Friday, April 29, 2005


If I are ever tempted to suggest a beer to Foodgoat based solely its mildly interesting name, Foodgoat will no doubt remind me of North Coast Brewery Rasputin Beer.

If I am inclined to suggest a beer to Foodgoat based on its higher cost (imagining, perhaps, higher quality and elevated taste), he will remind me of Bell's Expedition Stout.

If I have the idea of suggesting any microbrew to Foodgoat, just stop me right there, because he hasn't liked any of them.

Sunday, April 24, 2005

Is My Blog Burning #14: Hot Orange on Orange Action!!

This edition of the fine meme Is My Blog Burning? features the meals and dishes celebrating the lovely color of Orange. Food is an experience of all the senses; taste - sound - scent - touch - and yes, sight. Can anyone deny that a good-lookin' dish adds to pleasure of eating? So this round highlights the visual quality of food. While food comes in the whole spectrum of lovely color, we are looking at orange, that pleasant range that blends from reds into yellows, shades that can bring to mind everything from cool autumn leaves to hot tropical juiciness.

I've been incredibly impressed with the range of tasties posted thus far. Color me ... impressed!

Let's go on to the visual feast!

Michelle from Stubborn like a mule started us off with Lime and Paprika Chicken with Tomato Chilli jam and Feta, a delicious sounding dish using more than one orange ingredient.

Sarah of Cooking with the Headhunter went beyond the traditional orange-y foods with Puerco Pibil to get the orange color from a plethora of Mexican spices. So she didn't like it. It certainly looks pretty.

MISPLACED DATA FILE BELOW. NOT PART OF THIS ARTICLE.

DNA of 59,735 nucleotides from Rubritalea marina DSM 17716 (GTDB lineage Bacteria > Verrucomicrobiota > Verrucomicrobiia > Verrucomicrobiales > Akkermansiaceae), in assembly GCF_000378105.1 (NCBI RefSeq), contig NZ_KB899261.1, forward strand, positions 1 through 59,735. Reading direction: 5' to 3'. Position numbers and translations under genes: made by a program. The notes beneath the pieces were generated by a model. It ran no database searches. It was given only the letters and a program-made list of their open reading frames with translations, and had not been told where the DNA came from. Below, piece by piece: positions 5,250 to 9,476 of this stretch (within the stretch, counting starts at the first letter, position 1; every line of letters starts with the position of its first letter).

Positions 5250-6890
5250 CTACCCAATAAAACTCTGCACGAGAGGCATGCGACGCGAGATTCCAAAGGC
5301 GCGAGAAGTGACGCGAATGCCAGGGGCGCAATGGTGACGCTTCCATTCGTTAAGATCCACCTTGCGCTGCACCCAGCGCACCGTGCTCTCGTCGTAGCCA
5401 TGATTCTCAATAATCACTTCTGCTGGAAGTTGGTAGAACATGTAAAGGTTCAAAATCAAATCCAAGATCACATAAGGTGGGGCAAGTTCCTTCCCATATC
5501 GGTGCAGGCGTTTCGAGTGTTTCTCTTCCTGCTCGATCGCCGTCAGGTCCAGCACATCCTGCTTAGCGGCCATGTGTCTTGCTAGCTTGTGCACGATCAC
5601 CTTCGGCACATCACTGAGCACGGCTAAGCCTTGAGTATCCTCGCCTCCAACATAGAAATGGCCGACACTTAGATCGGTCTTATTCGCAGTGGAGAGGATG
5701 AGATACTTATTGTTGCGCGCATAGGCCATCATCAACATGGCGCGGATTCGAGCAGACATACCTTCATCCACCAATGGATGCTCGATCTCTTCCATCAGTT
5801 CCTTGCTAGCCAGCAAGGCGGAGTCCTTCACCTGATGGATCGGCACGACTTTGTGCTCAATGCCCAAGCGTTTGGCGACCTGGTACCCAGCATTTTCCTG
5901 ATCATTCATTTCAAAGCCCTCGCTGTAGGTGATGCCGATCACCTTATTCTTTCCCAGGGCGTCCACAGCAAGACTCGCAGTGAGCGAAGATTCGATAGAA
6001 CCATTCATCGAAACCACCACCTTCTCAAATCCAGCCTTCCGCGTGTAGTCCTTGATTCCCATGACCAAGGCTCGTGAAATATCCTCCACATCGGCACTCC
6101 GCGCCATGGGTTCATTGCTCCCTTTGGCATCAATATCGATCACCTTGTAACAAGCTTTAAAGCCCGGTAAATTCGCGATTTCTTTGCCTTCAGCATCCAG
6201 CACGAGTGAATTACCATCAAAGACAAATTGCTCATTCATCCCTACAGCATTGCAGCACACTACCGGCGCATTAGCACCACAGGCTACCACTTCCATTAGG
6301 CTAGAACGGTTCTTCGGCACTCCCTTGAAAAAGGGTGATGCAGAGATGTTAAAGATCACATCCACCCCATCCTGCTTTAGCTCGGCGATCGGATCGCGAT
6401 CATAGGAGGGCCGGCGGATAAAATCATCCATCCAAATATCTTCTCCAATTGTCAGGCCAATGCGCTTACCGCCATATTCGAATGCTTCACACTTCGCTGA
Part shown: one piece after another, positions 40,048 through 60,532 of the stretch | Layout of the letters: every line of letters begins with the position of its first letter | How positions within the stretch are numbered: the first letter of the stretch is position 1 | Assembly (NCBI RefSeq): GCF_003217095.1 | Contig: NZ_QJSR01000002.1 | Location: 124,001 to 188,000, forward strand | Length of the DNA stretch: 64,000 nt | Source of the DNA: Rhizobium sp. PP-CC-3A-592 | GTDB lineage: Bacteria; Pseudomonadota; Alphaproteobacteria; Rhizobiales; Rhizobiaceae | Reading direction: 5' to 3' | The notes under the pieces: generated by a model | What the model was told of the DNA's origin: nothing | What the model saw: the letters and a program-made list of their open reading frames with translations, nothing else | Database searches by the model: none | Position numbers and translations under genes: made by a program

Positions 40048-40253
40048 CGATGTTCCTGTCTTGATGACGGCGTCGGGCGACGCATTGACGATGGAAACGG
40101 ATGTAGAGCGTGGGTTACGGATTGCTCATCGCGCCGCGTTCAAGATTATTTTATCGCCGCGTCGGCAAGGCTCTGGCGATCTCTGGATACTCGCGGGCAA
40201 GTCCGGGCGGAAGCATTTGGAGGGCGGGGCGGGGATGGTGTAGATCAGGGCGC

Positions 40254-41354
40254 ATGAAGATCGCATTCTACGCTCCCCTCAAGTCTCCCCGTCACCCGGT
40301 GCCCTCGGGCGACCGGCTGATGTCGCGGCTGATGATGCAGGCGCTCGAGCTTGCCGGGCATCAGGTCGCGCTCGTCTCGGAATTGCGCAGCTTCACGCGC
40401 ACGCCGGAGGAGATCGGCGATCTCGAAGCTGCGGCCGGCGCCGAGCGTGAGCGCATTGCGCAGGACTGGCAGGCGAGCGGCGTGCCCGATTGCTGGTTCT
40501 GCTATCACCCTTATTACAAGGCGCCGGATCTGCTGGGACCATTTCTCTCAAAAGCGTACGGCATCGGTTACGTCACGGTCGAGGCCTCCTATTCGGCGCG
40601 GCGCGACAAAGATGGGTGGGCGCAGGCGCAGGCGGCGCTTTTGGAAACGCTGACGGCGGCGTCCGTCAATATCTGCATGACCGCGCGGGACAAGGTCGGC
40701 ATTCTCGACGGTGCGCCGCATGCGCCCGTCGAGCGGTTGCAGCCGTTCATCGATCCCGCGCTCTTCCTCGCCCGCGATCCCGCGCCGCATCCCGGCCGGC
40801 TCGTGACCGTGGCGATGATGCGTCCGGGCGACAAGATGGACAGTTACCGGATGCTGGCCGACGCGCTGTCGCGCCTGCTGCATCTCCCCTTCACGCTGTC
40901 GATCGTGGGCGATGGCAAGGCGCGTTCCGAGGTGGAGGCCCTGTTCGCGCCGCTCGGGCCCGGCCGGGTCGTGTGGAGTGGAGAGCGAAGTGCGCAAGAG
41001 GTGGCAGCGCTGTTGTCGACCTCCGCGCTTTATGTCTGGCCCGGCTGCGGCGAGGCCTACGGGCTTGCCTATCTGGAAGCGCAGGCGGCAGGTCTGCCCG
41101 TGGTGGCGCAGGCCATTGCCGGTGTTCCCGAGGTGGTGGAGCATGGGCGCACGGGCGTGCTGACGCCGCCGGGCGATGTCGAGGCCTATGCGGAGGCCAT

Lisa, the Kitchen Chick, came up with Simple Carrot Halwa, an Indian sweet, when a previous attempt came up yellow.

The first attempt of Tanvi of From the Pantry, on the other hand, so was good it was eaten before it could be recorded. Fortunately, the Orange Risotto was the next try.

Barbara of Winos & Foodies salvaged a Sugar High Friday attempt to create Persimmons in Spice Syrup.

Jenni, of Pertelote, transforms an autumn standard into a spring dish with Pumpkin soup with spring herb butter.

Caroline of 18thC Cuisine gives us the retro Oranges Glazed with Caramel.

Lynn of To Short Term Memories gives us Sweet Potato Oranges , which combines an orange ingredient with actual orange fruits.

Nic of bakingsheet relives a childhood classic by recreating the Orange Julius.

Winne from Hodge Pode Kitchen went sweet with a not-from-a-box version of Mango Pudding.

Sam from Becks & Posh also mined a memory of a favorite restaurant to recreate Shrikhand, a Indian dessert with a touch of saffron.

Sigrid of il cavoletto di bruxelles, gives us (in both Italian and English!) multiple orange ingredients in Savoury carrots and ginger flan with tangerine sauce.

Mrs D & Chopper Dave from Belly-Timber gave us ... Cheetos? Oh wait, they're just kidding. They went above and beyond with the too-pretty-to-eat orange-checkered, weaved ravioli.

Christine of the new blog Vegetablog comes at orange from the sides: combining red peppers and yellow peppers for a roasted pepper soup.

You might think Ana at Pumpkin Pie Bungalow would go with pumpkin pie, but no: she made a Torta de Laranja, an orange-based rolled pudding with the name cutely translated to Orange Roly-Poly.

Christine of I like to do stuff made Butter Chicken, an Indian dish that she assures us only looks brown in the picture.

Anne, of Anne's Food, passed up on Velveeta for the smooth and soothing Orange Carrot and Ginger soup.

Linda of At Our Table whipped up a jar of Peach Marmalade. A big jar of marmalade.

Chefdoc of a A Perfect Pear took Thomas Keller's cold carrot soup in a new direction with a butter-tender poached carrot in the bottom of a soup bowl.

Suebob of Snackish made Camote Adobado - sweet potatoes in a chile-orange sauce - which is both colored orange and flavored with orange.